\[\label{eq:y2} y=a+\sum\limits_{i=1}^m b_i\cdot x_i + \sum\limits_{i=1}^m\sum\limits_{j=1}^m c_{ij}\cdot x_i\cdot x_j \tag{6}\]

The GMDH algorithm considers all pairwise combinations of \(p\) lagged time series. Therefore, each combination enters each neuron. Using these two inputs, a model is constructed to estimate the desired output. In other words, two input variables go in a neuron, one result goes out as an output. The structure of the model is specified by Ivakhnenko polynomial in equation (6) where \(m=2\). This specification requires that six coefficients in each model are to be estimated.

The GMDH algorithm is a system of layers in which there exist neurons. The number of neurons in a layer is defined by the number of input variables. To illustrate, assume that the number of input variables is equal to \(p\), since we include all pairwise combinations of input variables, the number of neurons is equal to \(h=\binom{p}{2}\). The architecture of GMDH algorithm is illustrated in Figure 1 when there are three layers and four inputs.

In the GMDH architecture shown in Figure 1, since the number of inputs is equal to four, the number of nodes in a layer is determined to be six. This is just a starting layer to the algorithm. The coefficients of equation (6) are estimated in each neuron. By using the estimated coefficients and input variables in each neuron, the desired output is predicted. According to a chosen external criteria, \(p\) neurons are selected and \(h-p\) neurons are eliminated from the network. In this study, prediction mean square error (PMSE) is used as the external criteria. In Figure 1, four neurons are selected while two neurons are eliminated from the network. The outputs obtained from selected neurons become the inputs for the next layer. This process continues until the last layer. At the last layer, only one neuron is selected. The obtained output from the last layer is the predicted value for the time series at hand. The flowchart of the algorithm is depicted in Figure 2.

In a GMDH algorithm, there exist six coefficients to be estimated in each model. Coefficients are estimated via RLSE.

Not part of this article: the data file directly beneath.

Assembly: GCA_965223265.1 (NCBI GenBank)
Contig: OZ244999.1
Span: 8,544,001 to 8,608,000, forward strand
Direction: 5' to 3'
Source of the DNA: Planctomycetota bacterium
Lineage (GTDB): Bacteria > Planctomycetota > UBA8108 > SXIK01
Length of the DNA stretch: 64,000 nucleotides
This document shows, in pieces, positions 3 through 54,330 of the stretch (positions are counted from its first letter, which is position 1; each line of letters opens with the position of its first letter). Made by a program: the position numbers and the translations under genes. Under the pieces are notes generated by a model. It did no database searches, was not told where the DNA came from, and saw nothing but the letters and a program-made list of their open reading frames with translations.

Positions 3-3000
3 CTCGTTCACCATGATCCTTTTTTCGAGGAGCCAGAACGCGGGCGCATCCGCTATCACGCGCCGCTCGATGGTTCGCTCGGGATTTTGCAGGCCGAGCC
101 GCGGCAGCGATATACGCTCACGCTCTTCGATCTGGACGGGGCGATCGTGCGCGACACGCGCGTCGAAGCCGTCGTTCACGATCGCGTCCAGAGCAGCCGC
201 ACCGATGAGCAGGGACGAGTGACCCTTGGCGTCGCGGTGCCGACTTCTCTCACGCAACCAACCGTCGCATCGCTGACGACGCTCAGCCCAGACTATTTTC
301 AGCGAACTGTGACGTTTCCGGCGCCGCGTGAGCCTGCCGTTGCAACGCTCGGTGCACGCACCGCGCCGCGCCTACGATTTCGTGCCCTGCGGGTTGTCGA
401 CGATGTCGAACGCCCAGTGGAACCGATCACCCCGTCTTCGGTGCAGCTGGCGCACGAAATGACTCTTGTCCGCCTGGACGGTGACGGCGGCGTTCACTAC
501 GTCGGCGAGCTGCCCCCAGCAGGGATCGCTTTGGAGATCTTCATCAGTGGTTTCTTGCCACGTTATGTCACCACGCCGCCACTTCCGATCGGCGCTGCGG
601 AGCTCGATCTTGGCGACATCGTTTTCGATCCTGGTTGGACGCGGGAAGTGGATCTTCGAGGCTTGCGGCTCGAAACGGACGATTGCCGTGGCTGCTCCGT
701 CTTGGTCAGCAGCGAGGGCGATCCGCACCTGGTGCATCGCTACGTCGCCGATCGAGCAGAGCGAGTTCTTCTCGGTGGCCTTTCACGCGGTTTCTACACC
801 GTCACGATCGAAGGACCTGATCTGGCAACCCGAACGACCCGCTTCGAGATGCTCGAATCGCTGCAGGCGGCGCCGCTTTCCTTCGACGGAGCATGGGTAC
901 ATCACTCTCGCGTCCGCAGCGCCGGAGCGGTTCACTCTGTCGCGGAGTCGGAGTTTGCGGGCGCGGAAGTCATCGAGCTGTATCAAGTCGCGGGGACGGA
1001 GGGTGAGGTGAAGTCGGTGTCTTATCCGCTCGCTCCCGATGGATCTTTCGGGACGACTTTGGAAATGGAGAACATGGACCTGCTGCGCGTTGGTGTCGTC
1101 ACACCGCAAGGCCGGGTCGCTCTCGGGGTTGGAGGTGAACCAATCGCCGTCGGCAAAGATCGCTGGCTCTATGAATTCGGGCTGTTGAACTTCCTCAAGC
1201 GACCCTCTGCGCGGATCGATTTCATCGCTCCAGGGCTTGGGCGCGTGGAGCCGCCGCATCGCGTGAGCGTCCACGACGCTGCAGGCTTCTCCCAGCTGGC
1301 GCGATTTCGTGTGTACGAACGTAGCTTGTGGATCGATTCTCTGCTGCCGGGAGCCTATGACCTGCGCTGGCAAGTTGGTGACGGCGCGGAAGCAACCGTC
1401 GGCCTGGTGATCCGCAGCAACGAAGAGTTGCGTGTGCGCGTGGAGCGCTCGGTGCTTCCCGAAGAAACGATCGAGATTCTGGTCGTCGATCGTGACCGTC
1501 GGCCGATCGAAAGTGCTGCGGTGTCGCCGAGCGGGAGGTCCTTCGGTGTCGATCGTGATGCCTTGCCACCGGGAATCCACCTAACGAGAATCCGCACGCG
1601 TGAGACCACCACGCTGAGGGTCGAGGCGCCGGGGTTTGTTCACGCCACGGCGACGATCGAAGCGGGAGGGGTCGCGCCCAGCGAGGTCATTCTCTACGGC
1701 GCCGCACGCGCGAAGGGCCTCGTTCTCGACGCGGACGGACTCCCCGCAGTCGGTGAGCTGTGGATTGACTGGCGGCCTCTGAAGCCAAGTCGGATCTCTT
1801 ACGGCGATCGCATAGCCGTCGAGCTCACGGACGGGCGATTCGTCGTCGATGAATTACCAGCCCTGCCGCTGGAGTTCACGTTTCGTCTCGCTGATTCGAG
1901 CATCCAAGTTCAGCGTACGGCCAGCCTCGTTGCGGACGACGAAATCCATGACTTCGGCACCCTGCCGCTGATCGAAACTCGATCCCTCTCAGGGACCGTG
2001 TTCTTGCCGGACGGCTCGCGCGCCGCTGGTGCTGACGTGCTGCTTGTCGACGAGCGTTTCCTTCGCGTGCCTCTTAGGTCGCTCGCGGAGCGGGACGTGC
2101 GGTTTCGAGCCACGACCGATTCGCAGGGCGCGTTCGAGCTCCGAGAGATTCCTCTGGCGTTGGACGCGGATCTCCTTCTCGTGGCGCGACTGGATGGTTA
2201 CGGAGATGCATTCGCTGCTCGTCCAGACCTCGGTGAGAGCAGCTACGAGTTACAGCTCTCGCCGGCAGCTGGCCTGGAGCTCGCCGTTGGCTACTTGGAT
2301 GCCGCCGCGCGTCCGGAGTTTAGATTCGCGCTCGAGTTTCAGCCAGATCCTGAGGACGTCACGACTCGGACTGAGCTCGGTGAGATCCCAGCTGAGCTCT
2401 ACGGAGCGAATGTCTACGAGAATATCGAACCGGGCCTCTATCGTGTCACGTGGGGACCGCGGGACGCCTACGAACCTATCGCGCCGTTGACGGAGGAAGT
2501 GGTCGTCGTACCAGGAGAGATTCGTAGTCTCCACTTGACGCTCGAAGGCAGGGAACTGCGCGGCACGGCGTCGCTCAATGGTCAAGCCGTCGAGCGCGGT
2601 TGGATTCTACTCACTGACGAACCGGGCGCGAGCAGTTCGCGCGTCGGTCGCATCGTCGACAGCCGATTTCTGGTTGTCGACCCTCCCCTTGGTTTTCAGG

A GMDH-type neural network constructs the algorithm by investigating the relation between two inputs and the desired output. Architecture of a revised GMDH (RGMDH)-type neural network does not only consider this relation, but it also considers the individual effects on the desired output (Kondo and Ueno 2006b). There are two different types of neurons in an RGMDH-type neural network. In the first type of neuron, it is same as in GMDH-type neural network, given as in equation (6). That is, two inputs enter the neuron, one output goes out. In the second type of neuron, \(r\) inputs enter the neuron, one output goes out. This second type neuron is given by

\[\label{eq:y_second}
y=a+\sum\limits_{i=1}^r b_i\cdot x_i \quad , \quad r \leq p, \tag{7}\]

where \(r\) is the number of inputs in the corresponding second type
neuron.

As mentioned above, there exist \(h=\binom{p}{2}\) neurons in one layer in a GMDH-type neural network. In addition to this, with the \(p\) neurons from the second type of neuron, the number of neurons in one layer becomes \(\eta=\binom{p}{2}+p\) in an RGMDH-type algorithm. The architecture of an RGMDH-type algorithm is shown in Figure 3 for the case when there are three layers and three inputs. In this architecture, since the number of inputs is three, the number of nodes in a layer is determined to be six. Here, three of six nodes are the first type of neurons in which all pairwise combinations of lagged time series are already used as in the GMDH algorithm. The rest of the three nodes are the second type of neurons where the individual effects of the lagged time series are sequentially added to the layer starting from lag 1. In each neuron, coefficients of models are calculated by using the corresponding models in equations (6) and (7). For instance, in Figure 3, there are six coefficients to be estimated as given by equation (6) for the first type of neurons, and two, three and four coefficients are estimated as given in equation (7) for the the second type of neurons when \(r\) equals to 1, 2 and 3, respectively. The desired output is predicted by utilizing estimated coefficients and input variables in each neuron. Here, \(p\) neurons are selected as living cells and \(\eta-p\) death cells are eliminated from the network according to the external criteria. The rest of the algorithm is same with GMDH.